This decision follows an incident where a Manhattan lawyer named Steven A. Schwartz used ChatGPT to write a 10-page brief that cited multiple cases that were made up by the chatbot, such as “Martinez v. Delta Air Lines,” and “Varghese v. China Southern Airlines.” After Schwartz submitted the brief to a Manhattan federal judge, no one could find the decisions or quotations included, and Schwartz later admitted in an affidavit that he had used ChatGPT to do legal research.
Even Sam Altman, the CEO of ChatGPT maker OpenAI, has warned against using the chatbot for more serious and high-stakes purposes. In an interview with Intelligencer’s Kara Swisher, Altman admitted the bot will sometimes make things up and present users with misinformation.
The ability of Large Language Models (LLMs) like ChatGPT to make things up, which is also known as hallucination, is a problem that AI researchers have been vocal about. In a study by Microsoft researchers to accompany the release of GPT-4, they wrote that the chatbot has trouble knowing when it is confident or just guessing, makes up facts that aren’t in its training data, has no way to verify if its output is consistent with its training data, and inherits biases and prejudices in the training data.
“These platforms in their current states are prone to hallucinations and bias. On hallucinations, they make stuff up—even quotes and citations,” Starr wrote in his order. “Another issue is reliability or bias. While attorneys swear an oath to set aside their personal prejudices, biases, and beliefs to faithfully uphold the law and represent their clients, generative artificial intelligence is the product of programming devised by humans who did not have to swear such an oath. As such, these systems hold no allegiance to any client, the rule of law, or the laws and Constitution of the United States (or, as addressed above, the truth).”
Starr attached a “Mandatory Certificate Regarding Generative Artificial Intelligence” that attorneys need to sign when appearing in his court. “I further certify that no portion of any filing in this case will be drafted by generative artificial intelligence or that any language drafted by generative artificial intelligence—including quotations, citations, paraphrased assertions, and legal analysis—will be checked for accuracy, using print reporters or traditional legal databases, by a human being before it is submitted to the Court,” the contract states.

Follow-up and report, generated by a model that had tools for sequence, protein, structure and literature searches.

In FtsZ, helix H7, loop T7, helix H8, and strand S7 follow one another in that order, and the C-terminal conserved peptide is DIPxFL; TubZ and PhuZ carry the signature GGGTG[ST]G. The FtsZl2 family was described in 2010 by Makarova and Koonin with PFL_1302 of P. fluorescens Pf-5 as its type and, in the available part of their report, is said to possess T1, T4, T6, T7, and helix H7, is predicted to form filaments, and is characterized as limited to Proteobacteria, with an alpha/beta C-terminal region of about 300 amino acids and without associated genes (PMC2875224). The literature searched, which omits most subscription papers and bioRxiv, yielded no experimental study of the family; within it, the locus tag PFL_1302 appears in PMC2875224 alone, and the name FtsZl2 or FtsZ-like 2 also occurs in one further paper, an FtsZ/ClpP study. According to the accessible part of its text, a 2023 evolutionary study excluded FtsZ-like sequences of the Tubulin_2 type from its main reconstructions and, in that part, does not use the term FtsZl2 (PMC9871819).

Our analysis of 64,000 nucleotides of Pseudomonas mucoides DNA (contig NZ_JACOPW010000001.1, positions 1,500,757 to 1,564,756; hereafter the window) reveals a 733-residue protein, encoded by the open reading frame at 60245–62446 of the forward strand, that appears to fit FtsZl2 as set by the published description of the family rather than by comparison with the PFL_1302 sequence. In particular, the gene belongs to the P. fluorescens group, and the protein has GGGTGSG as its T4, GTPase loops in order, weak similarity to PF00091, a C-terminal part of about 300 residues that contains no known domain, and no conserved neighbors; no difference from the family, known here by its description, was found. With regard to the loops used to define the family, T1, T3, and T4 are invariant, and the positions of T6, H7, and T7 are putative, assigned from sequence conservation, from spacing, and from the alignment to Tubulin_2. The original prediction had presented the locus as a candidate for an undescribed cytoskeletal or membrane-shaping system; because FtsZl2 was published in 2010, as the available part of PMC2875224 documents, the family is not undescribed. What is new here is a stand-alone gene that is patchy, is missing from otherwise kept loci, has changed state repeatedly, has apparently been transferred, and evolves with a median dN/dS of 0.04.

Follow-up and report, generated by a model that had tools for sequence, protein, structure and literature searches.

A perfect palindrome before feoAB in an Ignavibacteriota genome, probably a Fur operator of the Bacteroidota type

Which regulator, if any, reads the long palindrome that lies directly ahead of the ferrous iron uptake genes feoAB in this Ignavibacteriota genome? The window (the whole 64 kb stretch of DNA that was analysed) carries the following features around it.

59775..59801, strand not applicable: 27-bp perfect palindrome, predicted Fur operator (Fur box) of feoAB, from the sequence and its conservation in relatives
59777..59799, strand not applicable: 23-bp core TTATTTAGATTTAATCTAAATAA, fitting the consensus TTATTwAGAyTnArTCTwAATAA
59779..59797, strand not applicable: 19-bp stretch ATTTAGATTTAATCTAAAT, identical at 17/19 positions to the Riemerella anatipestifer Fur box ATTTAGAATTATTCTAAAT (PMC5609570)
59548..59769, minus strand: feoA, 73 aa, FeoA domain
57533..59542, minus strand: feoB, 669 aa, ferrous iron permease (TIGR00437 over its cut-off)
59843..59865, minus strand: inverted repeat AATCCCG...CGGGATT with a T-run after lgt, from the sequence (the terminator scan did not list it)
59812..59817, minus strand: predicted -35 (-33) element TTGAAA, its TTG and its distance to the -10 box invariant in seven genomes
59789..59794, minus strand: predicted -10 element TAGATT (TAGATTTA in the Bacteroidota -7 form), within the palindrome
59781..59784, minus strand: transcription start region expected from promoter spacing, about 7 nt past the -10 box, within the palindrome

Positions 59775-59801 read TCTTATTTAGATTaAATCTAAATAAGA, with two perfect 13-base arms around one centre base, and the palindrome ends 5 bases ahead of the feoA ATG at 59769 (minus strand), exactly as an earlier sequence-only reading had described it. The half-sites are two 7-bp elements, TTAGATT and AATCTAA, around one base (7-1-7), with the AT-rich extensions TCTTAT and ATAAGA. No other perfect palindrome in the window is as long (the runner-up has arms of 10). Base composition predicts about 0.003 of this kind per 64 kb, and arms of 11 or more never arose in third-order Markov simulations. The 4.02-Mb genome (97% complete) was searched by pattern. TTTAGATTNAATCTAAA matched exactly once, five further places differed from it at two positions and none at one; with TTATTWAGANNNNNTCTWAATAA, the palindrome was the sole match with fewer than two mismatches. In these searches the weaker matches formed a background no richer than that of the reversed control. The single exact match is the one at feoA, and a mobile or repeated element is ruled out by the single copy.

Outside of court, AI has already been proven to spread misinformation. Last week, dozens of verified accounts on Twitter posted about an explosion near the Pentagon alongside an AI-generated image. There was also a Reddit trend in March where people would create fake historical events using AI, such as “The 2001 Great Cascadia 9.1 Earthquake & Tsunami.”
Ars Frontiers recap: What happens to developers when AI can code?
The final panel of the day at our Frontiers conference this year was hosted by me—though it was going to be tough to follow Benj's panel because I didn't have a cute intro planned. The topic we were covering was what might happen to developers when generative AI gets good enough to consistently create good code—and, fortunately, our panelists didn't think we had much to worry about. Not in the near term, at least.
Joined by Luta Security founder and CEO Katie Moussouris and Georgetown Senior Fellow Drew Lohn, the general consensus was that, although large language models can do some extremely impressive things, turning them loose to create production code is a terrible idea. While generative AI has indeed demonstrated the ability to create code, even cursory examination proves that today's large language models (LLMs) often do the same thing when coding that they do when spinning stories: they just make a whole bunch of stuff up. (The term of art here is "hallucination," but Ars AI expert Benj Edwards tends to prefer the term "confabulation" instead, as it more accurately reflects what it feels like the models are doing.)
So, while LLMs can be relied upon today to do simple things, like creating a regex, trusting them with your production code is way dicier.
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This May, however, remained a time for tech trade shows. Computex started Tuesday, and The Society for Information Display (SID) held Display Week 2023 in Los Angeles last week.